The Incredible Shrinking Lawn
By George Graine, Fairfax Master Gardener
Grass is hard and lumpy and damp, and full of black insects. — Oscar Wilde
During the growing season, was your lawn looking tired? Or were you tired of looking at your lawn? If you answered yes and would like to reduce or even eliminate your lawn, here is a book of ideas: Pam Penick’s Lawn Gone! Low-Maintenance, Sustainable, Attractive Alternatives For Your Yard, published in 2013 by Ten Speed Press.
This inspirational treatise presents realistic choices, achievable plans, and simple instructions on how you can have a beautiful yard with less maintenance and cost. Although the title suggests eliminating the lawn, the actual point is having less lawn — rethinking lawn as the default ground cover.
While discussing lawn alternatives, the book recognizes that lawn can have many purposes, such as providing areas for play, entertaining, strolling, or even lying down to look at the night sky. But instead of lawn you could install a water feature such as a pond or disappearing water fountain or even a dry stream bed that mimics the feeling of running water. Other options that may serve your specific purpose include a flagstone patio, a low wooden deck, a fire pit, or a gazebo.
Shrinking your lawn area should result in cost savings – think seed, fertilizer, compost, lime, core aeration, pesticides to combat insects and herbicides to destroy weeds, and — lest I forget — labor. Mowing, edging, and whacking down weeds, whether these are DIY chores or you hire a contractor, will be reduced with less lawn area.
Lawn Gone provides many color photos to illustrate its points. Your lawn can be more inviting than just a large green swath. The book shows how to integrate low-growing ground covers, dwarf shrubs, ornamental trees, and ornamental grasses and other grass-like plants that require almost no maintenance. You can have any or all of these plant types, including some turf.
As you think about shrinking your lawn in favor of other plants, consider environmental and climate conditions such as sun and shade, soil type, and deer resistance (the gardeners’ mantra: right plant, right place). These considerations will help you determine a planting palette. At full-service garden centers you will find many types of improved dwarf flowering shrubs, creeping colorful conifers (not just green), and ground covers beyond the ubiquitous pachysandra, vinca minor (periwinkle), liriope, and ajuga.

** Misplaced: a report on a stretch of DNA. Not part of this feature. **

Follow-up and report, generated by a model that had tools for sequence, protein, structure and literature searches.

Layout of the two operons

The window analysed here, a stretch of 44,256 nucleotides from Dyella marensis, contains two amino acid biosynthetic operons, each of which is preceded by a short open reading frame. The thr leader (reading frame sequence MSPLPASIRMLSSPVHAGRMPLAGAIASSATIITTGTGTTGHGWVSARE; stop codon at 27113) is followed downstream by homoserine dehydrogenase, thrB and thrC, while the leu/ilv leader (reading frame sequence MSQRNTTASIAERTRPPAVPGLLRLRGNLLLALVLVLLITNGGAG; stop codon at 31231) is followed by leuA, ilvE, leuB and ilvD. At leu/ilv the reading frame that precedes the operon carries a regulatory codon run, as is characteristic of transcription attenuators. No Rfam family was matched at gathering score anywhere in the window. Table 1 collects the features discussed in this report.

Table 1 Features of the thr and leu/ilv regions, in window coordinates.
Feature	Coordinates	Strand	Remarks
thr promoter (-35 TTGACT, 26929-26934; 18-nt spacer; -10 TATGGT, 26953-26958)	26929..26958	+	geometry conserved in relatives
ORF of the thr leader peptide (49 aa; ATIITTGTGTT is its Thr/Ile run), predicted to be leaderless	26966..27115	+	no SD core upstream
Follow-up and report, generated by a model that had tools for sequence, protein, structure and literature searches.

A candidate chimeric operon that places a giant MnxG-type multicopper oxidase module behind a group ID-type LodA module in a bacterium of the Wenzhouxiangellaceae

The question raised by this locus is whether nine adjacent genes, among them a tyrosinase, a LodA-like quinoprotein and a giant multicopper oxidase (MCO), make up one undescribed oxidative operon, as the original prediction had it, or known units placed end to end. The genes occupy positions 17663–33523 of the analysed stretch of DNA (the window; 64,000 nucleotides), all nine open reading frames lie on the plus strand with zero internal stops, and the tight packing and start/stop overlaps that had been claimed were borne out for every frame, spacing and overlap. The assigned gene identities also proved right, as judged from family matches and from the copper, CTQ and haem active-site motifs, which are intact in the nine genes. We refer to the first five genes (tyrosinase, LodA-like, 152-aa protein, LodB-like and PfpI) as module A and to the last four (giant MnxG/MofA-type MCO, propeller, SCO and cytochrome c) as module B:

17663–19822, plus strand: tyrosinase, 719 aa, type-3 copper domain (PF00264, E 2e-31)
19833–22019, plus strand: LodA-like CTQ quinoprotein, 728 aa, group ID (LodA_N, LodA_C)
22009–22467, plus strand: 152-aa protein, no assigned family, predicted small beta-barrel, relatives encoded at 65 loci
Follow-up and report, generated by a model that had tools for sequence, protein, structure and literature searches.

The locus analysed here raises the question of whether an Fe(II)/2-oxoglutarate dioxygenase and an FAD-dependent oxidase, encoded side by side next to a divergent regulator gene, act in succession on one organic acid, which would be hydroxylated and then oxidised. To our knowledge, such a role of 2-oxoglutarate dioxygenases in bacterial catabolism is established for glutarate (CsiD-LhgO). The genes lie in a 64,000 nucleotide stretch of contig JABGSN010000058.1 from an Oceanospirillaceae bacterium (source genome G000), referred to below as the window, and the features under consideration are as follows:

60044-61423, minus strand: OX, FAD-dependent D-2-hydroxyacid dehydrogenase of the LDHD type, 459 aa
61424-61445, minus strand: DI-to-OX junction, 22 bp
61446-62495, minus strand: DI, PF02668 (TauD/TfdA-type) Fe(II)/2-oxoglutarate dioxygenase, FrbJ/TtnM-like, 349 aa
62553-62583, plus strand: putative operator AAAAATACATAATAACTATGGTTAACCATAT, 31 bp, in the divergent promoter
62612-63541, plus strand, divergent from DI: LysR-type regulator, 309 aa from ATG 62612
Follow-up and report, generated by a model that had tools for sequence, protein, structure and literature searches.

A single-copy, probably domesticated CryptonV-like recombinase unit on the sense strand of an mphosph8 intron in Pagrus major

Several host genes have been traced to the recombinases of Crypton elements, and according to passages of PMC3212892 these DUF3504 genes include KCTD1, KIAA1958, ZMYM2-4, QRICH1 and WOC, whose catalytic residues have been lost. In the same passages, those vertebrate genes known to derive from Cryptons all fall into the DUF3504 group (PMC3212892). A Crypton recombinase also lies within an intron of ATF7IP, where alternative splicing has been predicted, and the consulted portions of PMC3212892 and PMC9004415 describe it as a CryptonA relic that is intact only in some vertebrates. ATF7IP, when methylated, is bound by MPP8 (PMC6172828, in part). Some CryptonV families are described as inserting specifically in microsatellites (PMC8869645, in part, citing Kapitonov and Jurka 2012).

Be bold! A collection of these plants really makes a statement. In general, look for ground cover plants that will choke out weeds and spread easily by rooting stems or underground shoots.
Is it heresy to consider moss? Absolutely not! However, you must develop a positive attitude for this easy-care perennial. Moss comes in many shapes and textures. Once you get over your aversion to moss, these plants can be addictive, and you may wonder why you ever destroyed them. More heresy? The dreaded (by some) English ivy can be a superb ground cover. This plant is easy to maintain with a pruner. The prime concern is not to let this plant get out of bounds or climb a tree.
Lawn Gone includes a chapter on contending with homeowners association rules as well as county and city regulations. Often such rules or ordinances apply to the front yard, but this is not always the case. For example, if you have lakefront property, your HOA may have an invasive species list that needs to be respected. It is imperative that you know the plant limitations in advance of any lawn makeover.
If the Lawn Gone approach does not suit your plans for a makeover, perhaps you might consider a way to grow a lawn organically. Sarah Little has written a 55-page booklet called Introduction to Organic Lawns and Yards, Plus a Checklist for an Eco-Friendly Property. The June 2016 edition updates the original 2011 version. Dr. Little shows how and why you should change from traditional methods of lawn care to achieve a sustainable and ecological framework for maintaining your property with a minimum of fuss and cost.
Now you have two very different approaches to the lawn. Combining organic lawn care with the Lawn Gone approach could solve many problems.